Green Chemistry Commitment
Chemistry doesn’t have to be a dirty (or toxic) word. Washington College is leading the way in a national movement to integrate the principles of green chemistry into the curriculum and to train a new generation of chemists who are especially mindful of its environmental impact.
Professor Anne Marteel-Parrish first introduced the concept of environmentally-friendly chemistry upon her arrival on campus in 2004; she continues to work with her colleagues to implement green chemistry across the laboratory curriculum, and she has inspired many students to explore green chemistry principles as part of their senior capstone projects.
The Green Chemistry Commitment Advisory Board, where Marteel-Parrish has played a leadership role since January 2012, is an offshoot of the non-profit organization called Beyond Benign. Created by Dr. John Warner, one of the founders of the field of green chemistry, its mission is to provide future and current scientists, educators and citizens with the tools to teach and learn about green chemistry in order to create a sustainable future. Beyond Benign specializes in curriculum development, outreach, education, and training.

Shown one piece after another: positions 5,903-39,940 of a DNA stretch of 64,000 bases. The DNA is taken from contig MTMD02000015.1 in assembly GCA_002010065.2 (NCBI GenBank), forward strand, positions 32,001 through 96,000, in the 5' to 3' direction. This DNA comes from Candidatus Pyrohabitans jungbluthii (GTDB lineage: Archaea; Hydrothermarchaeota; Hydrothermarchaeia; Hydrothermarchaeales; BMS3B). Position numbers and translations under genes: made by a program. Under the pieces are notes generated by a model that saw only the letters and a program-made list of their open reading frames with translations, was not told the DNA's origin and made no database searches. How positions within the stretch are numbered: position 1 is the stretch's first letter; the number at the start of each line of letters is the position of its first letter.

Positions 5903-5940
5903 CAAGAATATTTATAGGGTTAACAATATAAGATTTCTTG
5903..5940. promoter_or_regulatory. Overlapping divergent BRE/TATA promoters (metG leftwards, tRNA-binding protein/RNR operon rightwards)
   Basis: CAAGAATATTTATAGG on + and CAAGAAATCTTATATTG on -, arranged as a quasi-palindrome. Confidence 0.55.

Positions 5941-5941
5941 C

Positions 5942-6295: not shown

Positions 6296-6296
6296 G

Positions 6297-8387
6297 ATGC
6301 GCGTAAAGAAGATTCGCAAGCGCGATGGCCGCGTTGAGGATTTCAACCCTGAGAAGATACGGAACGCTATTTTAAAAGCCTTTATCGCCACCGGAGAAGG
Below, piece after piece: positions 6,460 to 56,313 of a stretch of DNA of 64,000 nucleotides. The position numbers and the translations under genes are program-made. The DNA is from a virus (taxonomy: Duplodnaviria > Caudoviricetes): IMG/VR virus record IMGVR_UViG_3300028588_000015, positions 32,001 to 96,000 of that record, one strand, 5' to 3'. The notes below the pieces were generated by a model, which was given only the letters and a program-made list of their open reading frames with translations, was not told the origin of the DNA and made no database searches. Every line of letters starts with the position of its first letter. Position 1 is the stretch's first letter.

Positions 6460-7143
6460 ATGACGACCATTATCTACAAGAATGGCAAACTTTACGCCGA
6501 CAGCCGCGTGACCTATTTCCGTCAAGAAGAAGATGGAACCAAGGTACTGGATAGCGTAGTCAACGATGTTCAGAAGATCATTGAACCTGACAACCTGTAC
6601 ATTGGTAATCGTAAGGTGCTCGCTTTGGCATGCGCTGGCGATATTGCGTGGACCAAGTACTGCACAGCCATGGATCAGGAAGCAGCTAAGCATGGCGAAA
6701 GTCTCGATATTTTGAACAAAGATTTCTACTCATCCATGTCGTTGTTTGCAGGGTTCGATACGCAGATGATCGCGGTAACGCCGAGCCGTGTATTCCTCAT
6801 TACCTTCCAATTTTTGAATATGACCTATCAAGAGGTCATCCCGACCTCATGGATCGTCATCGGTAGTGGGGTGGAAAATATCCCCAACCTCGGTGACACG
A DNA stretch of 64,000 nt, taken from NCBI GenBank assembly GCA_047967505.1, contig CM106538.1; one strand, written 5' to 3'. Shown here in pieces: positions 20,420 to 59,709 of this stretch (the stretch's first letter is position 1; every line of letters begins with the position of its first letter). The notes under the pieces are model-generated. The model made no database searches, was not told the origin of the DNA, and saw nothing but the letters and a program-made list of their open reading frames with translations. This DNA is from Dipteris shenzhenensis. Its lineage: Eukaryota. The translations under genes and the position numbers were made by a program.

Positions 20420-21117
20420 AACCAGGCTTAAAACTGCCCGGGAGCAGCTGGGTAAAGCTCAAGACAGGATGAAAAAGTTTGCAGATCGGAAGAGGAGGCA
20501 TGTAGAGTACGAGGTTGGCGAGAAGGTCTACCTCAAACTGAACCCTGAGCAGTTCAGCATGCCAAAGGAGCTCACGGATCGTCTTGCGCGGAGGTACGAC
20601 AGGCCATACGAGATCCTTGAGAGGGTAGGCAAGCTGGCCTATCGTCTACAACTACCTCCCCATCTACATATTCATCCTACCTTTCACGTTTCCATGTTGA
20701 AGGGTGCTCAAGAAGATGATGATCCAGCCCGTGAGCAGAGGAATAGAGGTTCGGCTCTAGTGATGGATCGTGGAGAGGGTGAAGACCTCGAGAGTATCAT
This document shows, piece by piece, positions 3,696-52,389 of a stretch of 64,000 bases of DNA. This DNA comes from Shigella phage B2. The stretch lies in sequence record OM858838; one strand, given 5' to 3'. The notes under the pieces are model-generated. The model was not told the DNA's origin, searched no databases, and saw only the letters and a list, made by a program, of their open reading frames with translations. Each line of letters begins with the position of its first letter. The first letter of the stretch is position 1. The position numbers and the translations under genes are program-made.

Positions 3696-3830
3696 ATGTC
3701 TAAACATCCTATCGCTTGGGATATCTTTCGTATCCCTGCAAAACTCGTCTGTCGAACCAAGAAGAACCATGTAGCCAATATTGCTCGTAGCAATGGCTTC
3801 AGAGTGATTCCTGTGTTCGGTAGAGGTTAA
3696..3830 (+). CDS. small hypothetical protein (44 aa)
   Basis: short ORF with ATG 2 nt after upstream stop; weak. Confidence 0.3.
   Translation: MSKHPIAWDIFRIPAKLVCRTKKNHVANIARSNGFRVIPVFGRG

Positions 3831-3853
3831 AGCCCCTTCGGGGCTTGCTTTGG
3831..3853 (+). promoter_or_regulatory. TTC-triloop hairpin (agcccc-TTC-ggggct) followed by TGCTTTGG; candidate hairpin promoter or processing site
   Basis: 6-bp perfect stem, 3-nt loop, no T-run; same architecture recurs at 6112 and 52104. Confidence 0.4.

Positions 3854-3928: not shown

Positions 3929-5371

Professor Marteel-Parrish describes the Green Chemistry Commitment as a departmental commitment “designed for higher educational institutions as a voluntary, flexible framework for chemistry departments to adopt green chemistry theory and practice.” The Commitment is centered on student learning objectives that have traditionally been absent from chemistry programs, she says. The Commitment is designed so that each institution can adopt the student learning objectives through different means, recognizing that each department will have different resources and different capabilities.
As a framework for 21st-century chemistry education, the Commitment will track progress towards the adoption of green chemistry student learning objectives at individual institutions and in the field as a whole.
The Green Chemistry Commitment’s official launch occurred during the annual Green Chemistry and Engineering Conference in 2013. Anne Marteel-Parrish presented a case study, “Putting Green Chemistry to work at Washington College.”